City plan for canals continues to develop


LEWISTON — A city plan to take over the canals downtown received narrow support from the Planning Board on Monday.

Lincoln Jeffers, assistant to the city administrator, said he’s still working out the financial details that would allow the city to purchase the canals from Florida Power and Light.

“We’re trying to come to terms with them for some way to transfer ownership in exchange for some of the city’s water rights,” Jeffers said. “We’re looking for a way to do all of this that has a low impact on property taxes, but keeps the canals public and keeps them full of water.”

The Planning Board voted to recommend the matter to the council by a 4-3 vote, with members  Mike Marcotte, Kevin Morrisette and Eric Potvin voting against.

“They really wanted to see more details about the deal and the negotiations,” City Planner David Hediger said.

The matter is tentatively scheduled for a City Council review at the June 7 meeting.

The canals were dug in the mid-1800s and have been a feature of the downtown ever since. The 4,400-foot-long main canal runs from just above the Great Falls, through downtown along Canal Street to Gulley Brook, where it empties back into the Androscoggin River.

The Cross Canal cuts off from the main canal at about Ash Street, running to the river. The lower canal cuts off from the Cross Canal at about Oxford Street, running parallel to the main canal before turning back to the river at about Chestnut Street.

The city has been negotiating with Florida Power and Light concerning the canals for two years, and Jeffers said there are several complicated issues involved.

The utility owns the canals and is able to determine how much water flows through them.

The city has a single federally licensed hydro-powered generator along the canal at the southern end of the old Androscoggin Mill. As long as it maintains that license, FPL is required to keep water flowing at a 150 cubic-feet-per-second rate.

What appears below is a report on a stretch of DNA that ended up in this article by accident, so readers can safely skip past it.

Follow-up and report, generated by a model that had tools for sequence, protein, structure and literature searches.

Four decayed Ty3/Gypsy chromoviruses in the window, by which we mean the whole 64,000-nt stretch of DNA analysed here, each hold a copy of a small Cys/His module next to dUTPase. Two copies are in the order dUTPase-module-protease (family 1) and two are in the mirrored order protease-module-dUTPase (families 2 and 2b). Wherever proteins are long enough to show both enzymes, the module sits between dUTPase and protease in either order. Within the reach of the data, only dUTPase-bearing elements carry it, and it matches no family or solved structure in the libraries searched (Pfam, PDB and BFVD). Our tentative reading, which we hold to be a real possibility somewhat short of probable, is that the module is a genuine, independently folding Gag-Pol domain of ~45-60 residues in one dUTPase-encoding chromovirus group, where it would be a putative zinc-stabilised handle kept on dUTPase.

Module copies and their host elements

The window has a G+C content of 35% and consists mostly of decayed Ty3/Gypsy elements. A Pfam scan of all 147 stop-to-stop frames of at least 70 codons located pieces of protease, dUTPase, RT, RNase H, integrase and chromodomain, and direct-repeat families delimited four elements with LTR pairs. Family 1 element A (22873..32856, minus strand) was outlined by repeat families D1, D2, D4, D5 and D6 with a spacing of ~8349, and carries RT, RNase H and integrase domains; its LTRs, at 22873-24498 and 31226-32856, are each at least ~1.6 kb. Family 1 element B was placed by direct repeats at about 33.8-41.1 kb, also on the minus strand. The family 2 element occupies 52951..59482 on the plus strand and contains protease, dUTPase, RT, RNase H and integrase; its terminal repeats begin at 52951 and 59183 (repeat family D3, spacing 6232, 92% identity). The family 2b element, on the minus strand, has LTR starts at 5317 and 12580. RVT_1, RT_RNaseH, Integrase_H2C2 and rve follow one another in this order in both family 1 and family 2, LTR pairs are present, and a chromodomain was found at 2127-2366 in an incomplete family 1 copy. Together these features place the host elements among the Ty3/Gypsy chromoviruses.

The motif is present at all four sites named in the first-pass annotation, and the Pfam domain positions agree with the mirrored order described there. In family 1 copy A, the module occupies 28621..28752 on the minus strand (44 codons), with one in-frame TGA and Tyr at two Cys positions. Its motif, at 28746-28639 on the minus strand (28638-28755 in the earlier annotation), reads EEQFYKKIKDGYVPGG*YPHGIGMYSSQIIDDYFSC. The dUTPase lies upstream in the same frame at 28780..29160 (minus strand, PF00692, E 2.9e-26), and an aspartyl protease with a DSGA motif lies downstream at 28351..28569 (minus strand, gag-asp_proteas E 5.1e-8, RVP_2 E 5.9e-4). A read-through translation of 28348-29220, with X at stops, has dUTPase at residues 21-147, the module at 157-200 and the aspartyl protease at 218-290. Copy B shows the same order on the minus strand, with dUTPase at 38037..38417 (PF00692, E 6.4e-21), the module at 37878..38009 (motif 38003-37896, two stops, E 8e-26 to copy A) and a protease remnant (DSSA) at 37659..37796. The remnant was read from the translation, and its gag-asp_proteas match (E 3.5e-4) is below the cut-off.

The city’s generator is ancient and badly in need of repairs.

“We lose money on that generator,” Jeffers said. “We spend much more to maintain that turbine than we get from the power it generates. But without it, the canals will dry up.”

Under the current plan, Lewiston would close the generator and surrender its federal license to generate electricity. Florida Power and Light would transfer canal ownership to the city and would then guarantee to keep water flowing at 70 cubic feet per second. 

Jeffers presented an outline to the Planning Board in February. According to the February presentation, the company would also agree to invest $12.6 million in taxable improvements to the Gulf Island and Deer Rips dams and the Monty Hydro generating station. Lewiston would then create tax increment financing districts, returning some of the new tax revenue to Florida Power and Light and using $750,000 of it to repair leaks in the canal system.

On Wednesday, Jeffers said financial details about purchase price and the TIF were will being settled.

“We’re still running the pro formas and double-checking our numbers,” he said. “We’re not ready to release the details yet.”

Jeffers said he hopes to have them settled before the matter goes the City Council at the June 7 meeting.

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